Weimar Pointer Breed Origins and Caracteristics

The first Weimar short-haired pointers appeared in the 19th century, in the court of the Grand Duke Charles Augustus of Weimar. There are not more accurate data about its origin. According to many sources, its ancestors can be found in France but the German expert Emil Ilgner states that the dogs come from Bohemia. In the court of Weimar, these unusual pointers were raised without any crossing and later the reproduction did not receive fundamental influences from other breeds. Among the qualities of the Weimar short-haired pointers, a great attitude to follow a trail, its aggressiveness and attention should be highlighted. That is why they are not only used for hunting but there are also other uses. These dogs are introduced in the United States in 1929 where they were much appreciated and extended quickly. Nowadays, the three third parts of the total of this breed is found there.

The Weimar short-haired pointer can have two types: short-haired or long-haired dogs. Until now, the two types could be crossed but nowadays they are intended to be raised in an autonomous way without crossing it with other breeds.

Size: male 59-70 cm; female 57-65 cm. Weight: 23-28 kg. Colors: silver gray, yellowish gray or mice gray and also with intermediate tonalities of these ranges (1). The head and the ears can be a bit lighter; the back can have a thin strip. The small white patches are allowed on the chest and toes. The nose has a dark meat color and it is gray towards the borders. Until they are two months old, the puppies have a bluish gray tone and they have pale blue eyes (2); when they are three months old, the hair turns silver gray and the eyes become light amber (3). The definitive color of the hair and the eyes can not be guessed until the animal is eight months older.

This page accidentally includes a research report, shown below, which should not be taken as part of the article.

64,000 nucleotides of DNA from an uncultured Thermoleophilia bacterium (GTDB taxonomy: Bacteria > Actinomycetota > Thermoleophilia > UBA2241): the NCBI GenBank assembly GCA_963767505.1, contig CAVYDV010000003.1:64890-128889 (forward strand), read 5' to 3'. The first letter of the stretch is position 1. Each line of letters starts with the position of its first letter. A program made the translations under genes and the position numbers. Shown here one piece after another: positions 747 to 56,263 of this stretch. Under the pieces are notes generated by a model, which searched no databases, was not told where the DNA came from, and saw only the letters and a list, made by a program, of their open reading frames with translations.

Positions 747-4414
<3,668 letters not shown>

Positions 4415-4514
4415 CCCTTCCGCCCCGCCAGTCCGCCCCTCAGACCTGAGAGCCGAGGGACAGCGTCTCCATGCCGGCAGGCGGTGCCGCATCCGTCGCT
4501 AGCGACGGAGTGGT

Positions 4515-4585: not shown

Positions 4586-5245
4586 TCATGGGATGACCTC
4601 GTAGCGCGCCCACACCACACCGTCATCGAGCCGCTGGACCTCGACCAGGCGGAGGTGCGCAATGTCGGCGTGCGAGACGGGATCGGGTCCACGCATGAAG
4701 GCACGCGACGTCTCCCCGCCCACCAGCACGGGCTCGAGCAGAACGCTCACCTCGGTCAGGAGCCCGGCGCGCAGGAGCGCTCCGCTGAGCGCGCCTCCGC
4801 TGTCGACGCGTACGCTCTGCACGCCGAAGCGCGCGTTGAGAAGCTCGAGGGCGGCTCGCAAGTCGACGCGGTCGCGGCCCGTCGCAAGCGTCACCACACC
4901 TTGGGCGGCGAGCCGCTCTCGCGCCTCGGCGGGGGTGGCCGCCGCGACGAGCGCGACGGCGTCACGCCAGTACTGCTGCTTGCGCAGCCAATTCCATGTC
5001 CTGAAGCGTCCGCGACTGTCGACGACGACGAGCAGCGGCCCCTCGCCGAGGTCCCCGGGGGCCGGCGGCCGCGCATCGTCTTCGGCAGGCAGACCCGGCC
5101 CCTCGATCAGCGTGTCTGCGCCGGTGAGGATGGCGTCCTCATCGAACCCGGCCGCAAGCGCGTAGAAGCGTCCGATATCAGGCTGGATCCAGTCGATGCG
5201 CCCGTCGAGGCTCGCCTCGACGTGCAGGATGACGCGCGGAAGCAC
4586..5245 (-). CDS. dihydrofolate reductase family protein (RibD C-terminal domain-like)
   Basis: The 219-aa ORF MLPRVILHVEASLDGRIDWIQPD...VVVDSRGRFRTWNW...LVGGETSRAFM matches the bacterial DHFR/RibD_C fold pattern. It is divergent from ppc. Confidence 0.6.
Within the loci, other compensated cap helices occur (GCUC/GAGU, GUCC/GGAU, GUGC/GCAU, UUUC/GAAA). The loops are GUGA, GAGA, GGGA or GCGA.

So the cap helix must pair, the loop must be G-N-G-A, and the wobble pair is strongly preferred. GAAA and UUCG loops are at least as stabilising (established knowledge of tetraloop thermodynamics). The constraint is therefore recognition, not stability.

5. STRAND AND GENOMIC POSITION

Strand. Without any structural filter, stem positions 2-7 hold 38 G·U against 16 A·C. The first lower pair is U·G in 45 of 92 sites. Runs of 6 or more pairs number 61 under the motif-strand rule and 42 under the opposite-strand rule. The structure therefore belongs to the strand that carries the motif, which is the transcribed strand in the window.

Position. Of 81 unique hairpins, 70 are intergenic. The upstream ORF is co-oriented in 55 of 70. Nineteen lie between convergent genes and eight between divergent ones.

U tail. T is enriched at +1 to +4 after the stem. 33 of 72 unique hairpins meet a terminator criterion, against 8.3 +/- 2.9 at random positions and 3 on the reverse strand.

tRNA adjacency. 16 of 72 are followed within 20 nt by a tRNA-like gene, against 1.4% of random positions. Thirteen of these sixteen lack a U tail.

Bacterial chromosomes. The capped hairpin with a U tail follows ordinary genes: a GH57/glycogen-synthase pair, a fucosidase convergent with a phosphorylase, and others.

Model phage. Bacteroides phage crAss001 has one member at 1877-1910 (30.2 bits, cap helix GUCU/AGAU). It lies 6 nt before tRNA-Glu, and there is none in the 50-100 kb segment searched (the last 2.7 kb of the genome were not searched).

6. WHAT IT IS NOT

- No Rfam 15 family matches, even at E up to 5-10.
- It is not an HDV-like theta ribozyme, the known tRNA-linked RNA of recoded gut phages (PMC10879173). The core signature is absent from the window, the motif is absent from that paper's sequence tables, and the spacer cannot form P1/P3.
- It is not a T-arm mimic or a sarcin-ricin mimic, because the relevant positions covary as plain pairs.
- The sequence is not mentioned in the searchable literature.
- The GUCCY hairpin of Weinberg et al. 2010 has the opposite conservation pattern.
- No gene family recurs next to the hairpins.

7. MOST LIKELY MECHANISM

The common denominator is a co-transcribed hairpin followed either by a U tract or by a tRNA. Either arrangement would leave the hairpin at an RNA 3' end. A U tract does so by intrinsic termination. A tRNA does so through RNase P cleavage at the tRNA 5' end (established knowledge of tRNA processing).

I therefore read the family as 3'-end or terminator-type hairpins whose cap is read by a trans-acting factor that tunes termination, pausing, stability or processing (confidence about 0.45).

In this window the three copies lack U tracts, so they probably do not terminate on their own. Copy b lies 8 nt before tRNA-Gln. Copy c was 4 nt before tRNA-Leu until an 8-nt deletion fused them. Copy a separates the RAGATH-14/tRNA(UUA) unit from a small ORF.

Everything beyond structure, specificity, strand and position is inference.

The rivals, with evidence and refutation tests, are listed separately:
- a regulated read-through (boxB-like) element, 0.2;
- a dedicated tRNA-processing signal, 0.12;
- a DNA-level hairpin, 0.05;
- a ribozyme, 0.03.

The fur of the short-haired Weimar pointer (5) is fine and denser than other short-haired pointers. In the type of long-haired pointer (4), the hair measures 3-5 cm and it a bit longer on the neck, the chest and the abdomen; the rear part of legs have stripes and in the lower part of the tail there is a tuft. Among the Weimar pointers, the tail of the puppies has to be cut and it is left 4-4.5 cm when they are two days old approximately; among the variety of long-haired dogs, the tail is cut two or three vertebrae when they are 14 days old.

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